The Year Of The Button
2007 was the year of the button. I’m nearly positive I’m heading home with more 1” buttons than business cards. I can think of a few folks though who I just realized I never snagged a card from and a few who just didn’t have any at all. But the buttons seemed to really be a big hit all around. They’re fun and it’s just something a little different.
I’m still adamant that the Wishingline Design Studio, Inc. popsicle buttons were the only ones that were hand-made (by my lovely wife). I think they turned out fantastically given the fact they weren’t printed and assembled until just hours before I left to come down to Austin.
There’s still a small handful of those buttons left for anyone who didn’t get one that wants one. Just send me an e-mail or IM me with you deets and I’ll get something in the mail for you.
About SXSW’s Idiotic Registration Process
As I said to Bryan Veloso when we briefly chatted during his and Dan Rubin’s Live from the 101 podcast, my biggest complaint about SXSW, aside from some bad or uninteresting panels and poor scheduling was the absolutely ridiculous registration process and just some generally bad conference structuring problems in terms of the location of things, including the panels.
Assuming you pay $300 to go to the conference, I think there’s a pretty darn good chance you’ll actually go.
Taking that into consideration, badges should have all been pre-printed for registrants like at every other conference in the world so that when you go to register, everything is just waiting for you. Having to wait in line, fill out a card with info they already have, possibly get your photo taken, then wait around for someone to print out your badge and yell out your name before you can actually finally get your badge. That’s just inefficient and stupid if you ask me.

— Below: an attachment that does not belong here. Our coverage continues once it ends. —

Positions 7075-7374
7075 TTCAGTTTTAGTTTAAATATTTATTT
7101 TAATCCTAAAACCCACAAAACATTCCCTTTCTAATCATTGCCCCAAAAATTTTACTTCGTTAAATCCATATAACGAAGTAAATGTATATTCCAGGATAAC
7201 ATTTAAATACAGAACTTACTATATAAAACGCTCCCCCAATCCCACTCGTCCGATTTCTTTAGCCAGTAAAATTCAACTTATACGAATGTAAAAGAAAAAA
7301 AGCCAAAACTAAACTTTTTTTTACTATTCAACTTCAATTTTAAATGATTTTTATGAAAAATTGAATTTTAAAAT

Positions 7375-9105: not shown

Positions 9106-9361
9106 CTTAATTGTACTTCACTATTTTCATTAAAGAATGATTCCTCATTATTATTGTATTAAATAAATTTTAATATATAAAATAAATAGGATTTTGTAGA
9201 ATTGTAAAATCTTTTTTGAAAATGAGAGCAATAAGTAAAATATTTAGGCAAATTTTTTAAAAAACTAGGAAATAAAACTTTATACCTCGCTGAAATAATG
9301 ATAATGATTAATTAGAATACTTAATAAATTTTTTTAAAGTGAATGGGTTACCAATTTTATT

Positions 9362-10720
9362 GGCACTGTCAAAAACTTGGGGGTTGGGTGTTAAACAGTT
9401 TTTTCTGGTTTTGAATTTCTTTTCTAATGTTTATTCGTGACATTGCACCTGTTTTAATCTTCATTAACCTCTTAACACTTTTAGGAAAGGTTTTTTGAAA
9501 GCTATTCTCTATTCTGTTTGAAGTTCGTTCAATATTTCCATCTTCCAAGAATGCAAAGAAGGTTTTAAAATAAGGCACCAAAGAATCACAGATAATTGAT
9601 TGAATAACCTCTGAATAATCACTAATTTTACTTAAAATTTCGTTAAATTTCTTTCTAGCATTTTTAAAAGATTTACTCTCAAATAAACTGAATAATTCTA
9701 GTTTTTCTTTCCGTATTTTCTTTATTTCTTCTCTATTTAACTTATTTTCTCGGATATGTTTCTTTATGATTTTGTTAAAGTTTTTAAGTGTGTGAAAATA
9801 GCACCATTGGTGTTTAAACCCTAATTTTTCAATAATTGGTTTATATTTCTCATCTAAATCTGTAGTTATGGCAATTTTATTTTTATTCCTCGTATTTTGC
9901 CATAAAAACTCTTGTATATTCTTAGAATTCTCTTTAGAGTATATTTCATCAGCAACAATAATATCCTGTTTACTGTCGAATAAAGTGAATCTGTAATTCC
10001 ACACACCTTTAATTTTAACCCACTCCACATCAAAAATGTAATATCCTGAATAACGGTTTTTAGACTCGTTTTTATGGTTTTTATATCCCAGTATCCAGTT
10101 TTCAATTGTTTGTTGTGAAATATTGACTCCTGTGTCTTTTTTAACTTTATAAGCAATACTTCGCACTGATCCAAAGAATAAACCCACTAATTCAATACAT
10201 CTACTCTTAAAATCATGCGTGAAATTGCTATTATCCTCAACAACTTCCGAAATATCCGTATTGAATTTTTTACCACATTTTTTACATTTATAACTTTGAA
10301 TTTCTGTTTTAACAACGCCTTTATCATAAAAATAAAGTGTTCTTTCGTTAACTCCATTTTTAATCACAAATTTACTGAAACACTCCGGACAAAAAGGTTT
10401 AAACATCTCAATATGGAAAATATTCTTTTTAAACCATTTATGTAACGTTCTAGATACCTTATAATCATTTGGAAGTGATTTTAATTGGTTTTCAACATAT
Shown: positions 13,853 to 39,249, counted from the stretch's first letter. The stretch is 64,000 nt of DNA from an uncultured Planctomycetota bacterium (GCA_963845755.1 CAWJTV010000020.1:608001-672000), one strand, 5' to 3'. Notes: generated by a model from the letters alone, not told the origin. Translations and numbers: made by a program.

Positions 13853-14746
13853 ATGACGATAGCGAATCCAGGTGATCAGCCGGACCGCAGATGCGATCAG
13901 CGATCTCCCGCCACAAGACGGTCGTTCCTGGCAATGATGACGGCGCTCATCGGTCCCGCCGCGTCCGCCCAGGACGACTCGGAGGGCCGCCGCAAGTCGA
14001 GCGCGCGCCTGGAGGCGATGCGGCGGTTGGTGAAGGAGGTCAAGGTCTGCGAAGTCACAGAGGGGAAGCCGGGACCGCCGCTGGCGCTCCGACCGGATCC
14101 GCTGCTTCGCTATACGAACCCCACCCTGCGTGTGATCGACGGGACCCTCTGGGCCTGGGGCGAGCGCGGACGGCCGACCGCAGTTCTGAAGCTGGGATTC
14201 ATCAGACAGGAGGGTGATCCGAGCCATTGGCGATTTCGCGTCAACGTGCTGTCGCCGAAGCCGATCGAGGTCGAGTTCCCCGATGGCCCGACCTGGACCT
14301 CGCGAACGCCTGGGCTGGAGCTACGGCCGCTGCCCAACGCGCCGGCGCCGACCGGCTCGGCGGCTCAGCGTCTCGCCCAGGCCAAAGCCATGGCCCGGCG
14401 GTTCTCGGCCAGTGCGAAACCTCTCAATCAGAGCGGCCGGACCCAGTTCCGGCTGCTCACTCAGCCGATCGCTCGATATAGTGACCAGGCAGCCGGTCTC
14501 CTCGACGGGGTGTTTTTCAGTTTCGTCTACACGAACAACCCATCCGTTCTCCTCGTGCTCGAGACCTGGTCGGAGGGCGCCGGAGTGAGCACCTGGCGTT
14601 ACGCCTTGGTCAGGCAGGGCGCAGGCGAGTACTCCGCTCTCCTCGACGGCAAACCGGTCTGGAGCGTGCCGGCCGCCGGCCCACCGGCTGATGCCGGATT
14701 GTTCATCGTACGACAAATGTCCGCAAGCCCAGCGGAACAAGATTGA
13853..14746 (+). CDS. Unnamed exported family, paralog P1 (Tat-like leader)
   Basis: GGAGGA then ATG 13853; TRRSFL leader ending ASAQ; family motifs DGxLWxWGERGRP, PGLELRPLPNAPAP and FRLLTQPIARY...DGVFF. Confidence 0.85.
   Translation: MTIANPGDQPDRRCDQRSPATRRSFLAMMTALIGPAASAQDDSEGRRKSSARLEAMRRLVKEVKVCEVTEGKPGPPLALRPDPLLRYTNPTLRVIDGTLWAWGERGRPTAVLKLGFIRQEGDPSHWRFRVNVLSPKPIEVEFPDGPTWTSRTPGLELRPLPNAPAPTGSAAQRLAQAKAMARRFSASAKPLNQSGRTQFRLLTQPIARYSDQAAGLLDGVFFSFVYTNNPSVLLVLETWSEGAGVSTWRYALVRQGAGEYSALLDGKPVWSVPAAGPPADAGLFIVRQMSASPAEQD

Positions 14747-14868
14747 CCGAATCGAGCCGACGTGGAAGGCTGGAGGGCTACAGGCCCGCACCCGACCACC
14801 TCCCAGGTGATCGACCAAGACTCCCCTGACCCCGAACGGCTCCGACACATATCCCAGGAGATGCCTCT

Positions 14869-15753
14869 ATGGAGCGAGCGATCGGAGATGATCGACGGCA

For a conference with as much history as SXSW, that seems like a lesson they perhaps should already have learned. The same goes for putting the registration area right in the middle of a major throughway of people going to and from panels. Apparently much of this was worse last year which is a scary thought.
A Few Fun Moments
Other random fun moments — the Trailer Park Boys wandering around the convention centre, some dude dressed as Superman though with a cellphone and Blackberry case attached to his bright yellow belt, and apparently missing Paul Rudd as we left the trade show area. I’m also still convinced I saw Tarantino a few times on Saturday or Sunday night too when we were all out partying.
In terms of parties, I had a great time at just about all of the ones I made it out to - definitely the Blue Flavor party being my fave and MediaTemple one being possibly the most pretentious and possibly dull (hence my early exit) even though I made it into the “VIP” area.
The fact that Monday’s events were on my birthday made them particularly memorable and the most fun. Thanks to all for the birthday wishes and Twitters and to Mark Bixby and Brian Warren for filling me full of beer and assorted alcohol.
Monday the 12th was also made special by the Veer gang for taking me out for a big birthday steak dinner at Fleming’s. I know everyone loves Veer — but those guys really are the coolest, and if I didn’t enjoy working for myself, I could see having a lot of fun working with them. Right, Grant?
Lunch with Jesse Bennett-Chamberlain, Mark Bixby, Brian Warren, et al on Tuesday at Halcyon was also a real treat. Sure we got a bit wet (damn rain) making our way back to the convention centre for the afternoon but it was more than worth it.
It was nice to get away for a week though I missed Emily and Gillian and was very happy to get home. Talking with them on the phone or via IM just isn’t the same. I’m still filtering through pics to upload to Flickr, but should have the ones I want to post all up soon enough.
Thanks again to all my South By peeps, it was a blast. See you next year!